It was hard to draw conclusions from Tuesday's sluggish, low-volume session, but the evidence tilted toward the bulls, thanks to a surge in the final 90 minutes of trading.
Skeptics noted the disappointing University of Michigan consumer sentiment index, drop in building permits, still-slow volume and very modest gains by blue-chip proxies.
Optimists countered with the surge in housing starts to a 17-year high and strength in the
, which got a boost from market-cap heavyweight
, as well as semiconductor stocks such as
and retailers such as
The Comp rose 1.2% to 1760.99 after trading as low as 1737.40; the index exceeded its July 14 closing high of 1755 but not that day's intraday best of 1776.10, which is the next technical obstacle for the index. The semiconductor index (SOX) rose 2.5% to another 52-week high of 425.06.
Bulls were further enlivened by the
ability to close above the closely watched 1000 level, albeit after a daylong struggle. After trading as low as 995.30, the S&P closed up 0.3% to 1002.33.
Dow Jones Industrial Average
couldn't expand much upon Tuesday's
technical breakout, it didn't retreat either. The Dow closed up 0.2% to 9428.90 after trading in a tight intraday range between 9445.08 and 9377.72.
The market's recent performance "speaks of resilience
and of underweighted mutual fund and hedge fund managers desperately trying to keep up with the market averages," said Brad Ruderman, managing partner at Los Angeles-based Ruderman Capital Partners. "It also speaks of the bond market not being 'topic A' in the headlines
and lastly, it speaks of an unambiguous pick-up in the economy,
sans job growth."
Noting the ability of vacationing money managers to communicate via phone and Internet connections, Ruderman dismissed criticism that the recent advance is less significant because of the absence of big volume.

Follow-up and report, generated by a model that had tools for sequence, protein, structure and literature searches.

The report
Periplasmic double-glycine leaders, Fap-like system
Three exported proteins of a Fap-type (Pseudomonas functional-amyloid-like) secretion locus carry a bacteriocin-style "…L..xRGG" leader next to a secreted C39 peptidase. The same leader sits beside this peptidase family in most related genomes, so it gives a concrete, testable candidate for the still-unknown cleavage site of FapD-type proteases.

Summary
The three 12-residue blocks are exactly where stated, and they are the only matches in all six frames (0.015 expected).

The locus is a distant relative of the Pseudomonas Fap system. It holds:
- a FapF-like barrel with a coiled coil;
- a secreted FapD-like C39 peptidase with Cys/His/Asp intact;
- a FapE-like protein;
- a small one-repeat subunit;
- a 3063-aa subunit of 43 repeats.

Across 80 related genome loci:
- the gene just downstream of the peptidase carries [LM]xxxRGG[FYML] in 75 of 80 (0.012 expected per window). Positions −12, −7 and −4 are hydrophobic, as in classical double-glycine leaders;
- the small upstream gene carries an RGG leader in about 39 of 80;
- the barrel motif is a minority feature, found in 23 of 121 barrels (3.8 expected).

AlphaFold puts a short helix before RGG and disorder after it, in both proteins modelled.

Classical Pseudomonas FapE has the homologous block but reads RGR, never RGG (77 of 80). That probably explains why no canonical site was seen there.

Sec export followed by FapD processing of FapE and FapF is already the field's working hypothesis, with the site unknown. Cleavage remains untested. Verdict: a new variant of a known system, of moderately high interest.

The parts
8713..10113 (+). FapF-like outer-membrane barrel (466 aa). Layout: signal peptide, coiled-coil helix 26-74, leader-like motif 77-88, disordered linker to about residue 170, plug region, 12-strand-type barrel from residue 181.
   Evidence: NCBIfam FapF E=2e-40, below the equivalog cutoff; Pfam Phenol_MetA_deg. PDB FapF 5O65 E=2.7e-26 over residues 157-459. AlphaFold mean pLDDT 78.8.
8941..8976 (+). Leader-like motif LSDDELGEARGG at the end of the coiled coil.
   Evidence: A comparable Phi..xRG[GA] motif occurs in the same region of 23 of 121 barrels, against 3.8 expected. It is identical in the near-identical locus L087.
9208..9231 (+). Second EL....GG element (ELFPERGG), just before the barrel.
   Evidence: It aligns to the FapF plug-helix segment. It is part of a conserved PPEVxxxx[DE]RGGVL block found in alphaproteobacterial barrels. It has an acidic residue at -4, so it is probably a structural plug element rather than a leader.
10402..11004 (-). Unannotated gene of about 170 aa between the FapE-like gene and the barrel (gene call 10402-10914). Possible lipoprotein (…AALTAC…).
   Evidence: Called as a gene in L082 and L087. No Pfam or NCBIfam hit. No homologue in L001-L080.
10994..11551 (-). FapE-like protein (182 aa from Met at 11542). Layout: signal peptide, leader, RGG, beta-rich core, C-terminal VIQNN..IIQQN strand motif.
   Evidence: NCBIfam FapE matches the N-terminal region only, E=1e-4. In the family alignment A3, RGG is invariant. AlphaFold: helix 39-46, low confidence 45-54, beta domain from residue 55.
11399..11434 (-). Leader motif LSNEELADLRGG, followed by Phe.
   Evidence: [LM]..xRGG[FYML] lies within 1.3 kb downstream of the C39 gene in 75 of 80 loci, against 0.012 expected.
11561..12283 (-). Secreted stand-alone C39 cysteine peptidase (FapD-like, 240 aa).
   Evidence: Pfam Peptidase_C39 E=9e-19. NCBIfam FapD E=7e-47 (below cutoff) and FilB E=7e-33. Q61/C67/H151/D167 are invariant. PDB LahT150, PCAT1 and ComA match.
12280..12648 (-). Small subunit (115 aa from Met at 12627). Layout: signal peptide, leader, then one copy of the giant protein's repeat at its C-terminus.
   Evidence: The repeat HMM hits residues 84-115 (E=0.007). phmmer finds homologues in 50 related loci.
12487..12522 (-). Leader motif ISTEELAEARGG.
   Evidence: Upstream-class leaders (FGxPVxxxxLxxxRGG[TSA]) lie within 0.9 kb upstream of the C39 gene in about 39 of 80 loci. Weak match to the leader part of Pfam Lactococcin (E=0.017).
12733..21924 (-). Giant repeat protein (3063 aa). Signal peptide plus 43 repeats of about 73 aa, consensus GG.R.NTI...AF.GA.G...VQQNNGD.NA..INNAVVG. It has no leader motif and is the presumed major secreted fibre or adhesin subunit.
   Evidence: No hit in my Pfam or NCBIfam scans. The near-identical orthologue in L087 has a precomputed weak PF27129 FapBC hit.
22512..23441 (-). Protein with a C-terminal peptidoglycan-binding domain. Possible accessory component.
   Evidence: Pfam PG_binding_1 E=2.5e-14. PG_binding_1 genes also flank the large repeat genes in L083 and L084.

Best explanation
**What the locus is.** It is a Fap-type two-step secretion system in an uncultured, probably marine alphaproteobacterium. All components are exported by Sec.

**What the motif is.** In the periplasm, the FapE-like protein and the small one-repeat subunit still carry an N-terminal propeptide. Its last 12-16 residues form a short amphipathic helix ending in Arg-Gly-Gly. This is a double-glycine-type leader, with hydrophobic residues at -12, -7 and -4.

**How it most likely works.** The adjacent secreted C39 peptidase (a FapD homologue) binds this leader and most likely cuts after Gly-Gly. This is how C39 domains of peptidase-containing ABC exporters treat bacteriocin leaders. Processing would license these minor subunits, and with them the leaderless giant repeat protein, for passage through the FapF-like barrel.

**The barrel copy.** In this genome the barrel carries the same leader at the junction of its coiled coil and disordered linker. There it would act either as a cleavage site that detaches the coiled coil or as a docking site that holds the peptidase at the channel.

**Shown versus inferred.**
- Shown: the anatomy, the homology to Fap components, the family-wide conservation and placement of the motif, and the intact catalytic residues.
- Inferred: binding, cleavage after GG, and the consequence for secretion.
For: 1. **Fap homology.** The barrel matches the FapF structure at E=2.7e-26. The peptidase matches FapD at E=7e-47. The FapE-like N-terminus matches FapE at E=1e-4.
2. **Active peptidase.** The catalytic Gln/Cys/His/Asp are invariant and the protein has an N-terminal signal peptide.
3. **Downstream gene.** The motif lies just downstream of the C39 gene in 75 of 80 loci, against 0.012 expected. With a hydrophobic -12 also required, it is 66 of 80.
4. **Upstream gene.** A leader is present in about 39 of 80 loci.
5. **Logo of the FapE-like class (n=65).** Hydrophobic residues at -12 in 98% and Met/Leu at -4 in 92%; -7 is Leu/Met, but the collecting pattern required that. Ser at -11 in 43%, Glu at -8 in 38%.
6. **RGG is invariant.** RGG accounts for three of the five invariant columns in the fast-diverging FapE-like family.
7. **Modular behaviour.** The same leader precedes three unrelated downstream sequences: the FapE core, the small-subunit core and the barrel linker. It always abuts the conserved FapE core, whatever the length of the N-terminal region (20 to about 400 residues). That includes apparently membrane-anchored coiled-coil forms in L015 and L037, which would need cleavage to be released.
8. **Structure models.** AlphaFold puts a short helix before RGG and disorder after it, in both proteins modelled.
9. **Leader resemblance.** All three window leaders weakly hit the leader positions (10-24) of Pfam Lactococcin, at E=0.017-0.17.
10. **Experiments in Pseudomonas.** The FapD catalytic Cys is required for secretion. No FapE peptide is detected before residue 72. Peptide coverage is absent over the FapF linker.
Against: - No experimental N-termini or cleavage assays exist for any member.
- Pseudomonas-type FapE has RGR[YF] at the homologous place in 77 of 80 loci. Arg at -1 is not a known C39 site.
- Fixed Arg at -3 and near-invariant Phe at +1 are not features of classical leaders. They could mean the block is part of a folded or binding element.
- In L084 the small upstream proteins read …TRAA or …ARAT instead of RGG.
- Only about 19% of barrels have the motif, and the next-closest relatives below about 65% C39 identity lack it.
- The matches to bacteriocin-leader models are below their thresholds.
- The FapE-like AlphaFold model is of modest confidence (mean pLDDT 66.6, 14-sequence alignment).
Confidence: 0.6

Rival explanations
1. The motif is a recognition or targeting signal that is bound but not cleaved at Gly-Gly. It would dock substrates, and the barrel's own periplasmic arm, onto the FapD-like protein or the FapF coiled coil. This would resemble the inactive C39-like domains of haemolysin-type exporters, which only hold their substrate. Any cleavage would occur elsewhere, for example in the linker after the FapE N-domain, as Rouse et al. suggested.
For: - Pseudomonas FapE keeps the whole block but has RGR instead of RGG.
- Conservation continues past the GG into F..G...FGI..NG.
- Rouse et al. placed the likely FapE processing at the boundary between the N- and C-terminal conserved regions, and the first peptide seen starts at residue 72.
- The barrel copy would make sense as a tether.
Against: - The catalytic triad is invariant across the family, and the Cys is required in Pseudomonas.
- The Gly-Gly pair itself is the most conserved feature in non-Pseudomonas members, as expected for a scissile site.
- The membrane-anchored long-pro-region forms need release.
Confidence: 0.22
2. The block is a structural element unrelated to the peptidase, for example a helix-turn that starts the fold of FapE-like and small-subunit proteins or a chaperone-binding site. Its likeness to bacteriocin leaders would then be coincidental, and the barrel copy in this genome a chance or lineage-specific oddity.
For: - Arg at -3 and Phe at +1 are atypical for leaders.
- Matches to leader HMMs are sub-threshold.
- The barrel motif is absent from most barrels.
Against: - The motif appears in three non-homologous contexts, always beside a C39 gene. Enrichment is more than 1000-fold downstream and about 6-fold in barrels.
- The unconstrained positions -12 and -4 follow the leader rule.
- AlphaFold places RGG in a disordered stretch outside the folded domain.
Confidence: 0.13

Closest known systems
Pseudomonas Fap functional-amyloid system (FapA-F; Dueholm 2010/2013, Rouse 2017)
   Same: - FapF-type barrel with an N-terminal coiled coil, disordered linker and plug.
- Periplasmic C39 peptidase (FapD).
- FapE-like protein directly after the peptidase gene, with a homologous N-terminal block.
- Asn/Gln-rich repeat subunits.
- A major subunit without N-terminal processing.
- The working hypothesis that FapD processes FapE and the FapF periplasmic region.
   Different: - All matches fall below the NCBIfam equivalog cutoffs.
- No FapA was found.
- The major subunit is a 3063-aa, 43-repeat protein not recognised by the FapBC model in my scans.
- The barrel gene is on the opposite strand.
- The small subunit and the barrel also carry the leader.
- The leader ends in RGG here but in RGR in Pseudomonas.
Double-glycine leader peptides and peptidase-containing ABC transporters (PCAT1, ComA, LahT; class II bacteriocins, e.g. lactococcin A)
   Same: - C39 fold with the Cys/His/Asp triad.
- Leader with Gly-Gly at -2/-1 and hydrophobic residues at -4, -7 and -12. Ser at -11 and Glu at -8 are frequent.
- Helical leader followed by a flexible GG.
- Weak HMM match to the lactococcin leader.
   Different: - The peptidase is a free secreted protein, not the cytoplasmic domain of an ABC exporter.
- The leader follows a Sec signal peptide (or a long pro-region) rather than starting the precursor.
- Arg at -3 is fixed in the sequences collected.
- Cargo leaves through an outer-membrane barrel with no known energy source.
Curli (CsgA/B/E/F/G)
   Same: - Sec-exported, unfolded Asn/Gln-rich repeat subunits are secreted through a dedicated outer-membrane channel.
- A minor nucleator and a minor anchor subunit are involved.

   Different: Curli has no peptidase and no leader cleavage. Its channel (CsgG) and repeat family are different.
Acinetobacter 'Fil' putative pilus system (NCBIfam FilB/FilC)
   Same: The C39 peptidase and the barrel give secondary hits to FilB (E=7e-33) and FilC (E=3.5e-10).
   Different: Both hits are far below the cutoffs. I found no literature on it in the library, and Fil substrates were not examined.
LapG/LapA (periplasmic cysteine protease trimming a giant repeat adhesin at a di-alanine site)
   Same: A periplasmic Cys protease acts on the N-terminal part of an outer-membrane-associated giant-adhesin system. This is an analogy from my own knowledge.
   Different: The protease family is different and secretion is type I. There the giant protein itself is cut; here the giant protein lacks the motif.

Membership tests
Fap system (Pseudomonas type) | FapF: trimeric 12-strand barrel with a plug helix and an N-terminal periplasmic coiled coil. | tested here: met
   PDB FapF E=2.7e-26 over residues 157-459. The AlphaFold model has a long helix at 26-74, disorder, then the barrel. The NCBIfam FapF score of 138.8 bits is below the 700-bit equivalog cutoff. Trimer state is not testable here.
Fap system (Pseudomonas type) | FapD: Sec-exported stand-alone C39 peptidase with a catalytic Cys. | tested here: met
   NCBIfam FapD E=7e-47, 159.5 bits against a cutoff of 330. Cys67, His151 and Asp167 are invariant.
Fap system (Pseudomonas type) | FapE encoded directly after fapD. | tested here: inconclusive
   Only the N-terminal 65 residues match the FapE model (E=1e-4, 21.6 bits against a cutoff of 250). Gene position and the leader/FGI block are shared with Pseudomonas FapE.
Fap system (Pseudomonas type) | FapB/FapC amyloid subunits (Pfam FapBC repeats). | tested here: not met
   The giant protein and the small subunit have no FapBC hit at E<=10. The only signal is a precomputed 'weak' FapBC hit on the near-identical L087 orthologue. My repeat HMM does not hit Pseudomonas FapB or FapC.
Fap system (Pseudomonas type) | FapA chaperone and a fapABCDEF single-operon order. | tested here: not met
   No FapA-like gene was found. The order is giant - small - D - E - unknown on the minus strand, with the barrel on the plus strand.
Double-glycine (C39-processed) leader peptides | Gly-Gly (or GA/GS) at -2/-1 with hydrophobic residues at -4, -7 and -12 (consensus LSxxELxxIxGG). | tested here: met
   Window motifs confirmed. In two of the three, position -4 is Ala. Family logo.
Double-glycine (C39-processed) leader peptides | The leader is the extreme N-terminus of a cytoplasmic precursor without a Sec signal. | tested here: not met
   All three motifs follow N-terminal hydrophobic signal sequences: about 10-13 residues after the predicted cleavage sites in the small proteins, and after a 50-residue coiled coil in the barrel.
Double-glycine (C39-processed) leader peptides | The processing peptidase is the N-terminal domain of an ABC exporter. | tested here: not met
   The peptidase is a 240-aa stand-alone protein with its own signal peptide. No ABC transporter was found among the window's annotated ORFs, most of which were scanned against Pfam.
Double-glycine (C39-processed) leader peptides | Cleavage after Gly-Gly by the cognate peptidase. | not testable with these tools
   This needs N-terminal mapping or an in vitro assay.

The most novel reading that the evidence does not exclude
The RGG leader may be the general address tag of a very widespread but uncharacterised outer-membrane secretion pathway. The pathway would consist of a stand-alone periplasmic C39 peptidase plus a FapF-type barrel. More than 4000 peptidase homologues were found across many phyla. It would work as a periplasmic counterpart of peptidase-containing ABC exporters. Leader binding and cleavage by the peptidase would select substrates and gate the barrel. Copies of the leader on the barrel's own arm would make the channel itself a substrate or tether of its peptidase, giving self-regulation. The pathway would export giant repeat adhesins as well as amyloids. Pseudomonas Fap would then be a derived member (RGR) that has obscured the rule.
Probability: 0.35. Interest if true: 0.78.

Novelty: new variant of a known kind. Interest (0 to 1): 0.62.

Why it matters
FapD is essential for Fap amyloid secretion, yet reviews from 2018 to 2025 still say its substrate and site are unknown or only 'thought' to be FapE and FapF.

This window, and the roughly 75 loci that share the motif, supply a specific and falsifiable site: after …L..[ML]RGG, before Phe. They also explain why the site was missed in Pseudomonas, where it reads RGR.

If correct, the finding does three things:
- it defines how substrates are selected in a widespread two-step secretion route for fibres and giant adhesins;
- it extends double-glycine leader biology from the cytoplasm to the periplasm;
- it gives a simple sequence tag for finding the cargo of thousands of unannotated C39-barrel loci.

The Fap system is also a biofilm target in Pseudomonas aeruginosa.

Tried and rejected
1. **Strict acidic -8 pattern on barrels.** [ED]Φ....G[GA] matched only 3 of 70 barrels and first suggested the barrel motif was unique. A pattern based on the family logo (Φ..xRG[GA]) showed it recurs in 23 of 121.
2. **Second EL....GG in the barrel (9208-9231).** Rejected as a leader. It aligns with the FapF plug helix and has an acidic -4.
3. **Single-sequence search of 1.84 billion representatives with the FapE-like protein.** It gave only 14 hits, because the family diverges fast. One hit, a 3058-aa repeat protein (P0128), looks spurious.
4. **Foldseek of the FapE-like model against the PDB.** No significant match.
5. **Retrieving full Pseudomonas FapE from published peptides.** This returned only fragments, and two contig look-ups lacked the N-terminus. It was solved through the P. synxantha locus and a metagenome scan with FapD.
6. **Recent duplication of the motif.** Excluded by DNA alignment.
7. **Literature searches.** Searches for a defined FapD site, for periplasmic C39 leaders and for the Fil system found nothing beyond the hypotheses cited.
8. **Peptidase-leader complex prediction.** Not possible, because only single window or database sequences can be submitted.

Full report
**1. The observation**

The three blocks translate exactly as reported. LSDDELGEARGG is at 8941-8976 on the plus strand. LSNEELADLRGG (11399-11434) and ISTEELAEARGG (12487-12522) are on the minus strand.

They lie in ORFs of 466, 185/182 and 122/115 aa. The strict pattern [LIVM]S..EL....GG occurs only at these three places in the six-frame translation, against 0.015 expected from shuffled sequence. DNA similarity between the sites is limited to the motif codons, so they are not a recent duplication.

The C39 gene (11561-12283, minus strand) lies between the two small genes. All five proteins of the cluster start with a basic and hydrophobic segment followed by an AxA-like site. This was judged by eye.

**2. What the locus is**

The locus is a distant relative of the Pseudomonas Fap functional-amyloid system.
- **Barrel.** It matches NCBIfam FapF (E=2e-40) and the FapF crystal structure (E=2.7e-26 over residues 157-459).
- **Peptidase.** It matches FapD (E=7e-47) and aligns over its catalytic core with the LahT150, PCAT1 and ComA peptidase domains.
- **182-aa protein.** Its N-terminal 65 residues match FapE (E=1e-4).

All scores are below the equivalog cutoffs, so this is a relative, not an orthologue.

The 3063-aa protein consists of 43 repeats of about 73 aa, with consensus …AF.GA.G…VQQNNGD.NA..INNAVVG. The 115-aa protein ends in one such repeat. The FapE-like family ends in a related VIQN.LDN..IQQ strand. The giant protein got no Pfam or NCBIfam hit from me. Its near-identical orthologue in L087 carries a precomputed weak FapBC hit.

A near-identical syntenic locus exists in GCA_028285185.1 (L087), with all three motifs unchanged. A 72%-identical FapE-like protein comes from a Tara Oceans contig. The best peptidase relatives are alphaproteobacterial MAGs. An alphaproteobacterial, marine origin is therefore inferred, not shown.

"I think volume has great relevance, but on individual stocks," he said. "If one waited for record volume during the last six months, they'd have missed everything. I'm no technician, but when the cumulative
advance/decline line is as strong as it is, I'm not going to split hairs on the overall trend."
Advancers bested declining stocks 21 to 11 in
trading, where nearly 1.3 billion shares traded. Gainers led 20 to 11 in over-the-counter trading, where 1.8 billion shares changed hands, the highest level in more than a week.
Cold Calculus and Treasuries
In the cold, calculating logic of Wall Street, those with a zeal to be long stocks also might note the major averages were barely affected by the news of a bombing of the United Nations building in Baghdad. The attack was cited as a contributor to the rally in "safe-haven" Treasuries. The price of the benchmark 10-year note rose 24/32 to 99 3/32, its yield falling to 4.36%.
Treasuries also got a boost from Steven Galbraith, chief U.S. market strategist at Morgan Stanley, who
raised his recommended fixed-income allocation to 25% from 20%, lowering cash to 10% from 15%. Galbraith's equity recommendation remained at 65%.
Galbraith views the environment for equities as "constructive," citing low inflation, improving economic data, tax relief and a less-risky environment for corporate earnings. However, "more than one investor has figured this out," he quipped. "Just about every quantitative measure we use to look atthe pricing of equities suggests things are roughly appropriately valued."
Prior to Tuesday, the strategist's most recent allocation change was on
June 17, when he lowered both stocks and equities by 5%. That was a particularly well-timed call given the subsequent selloff in Treasuries.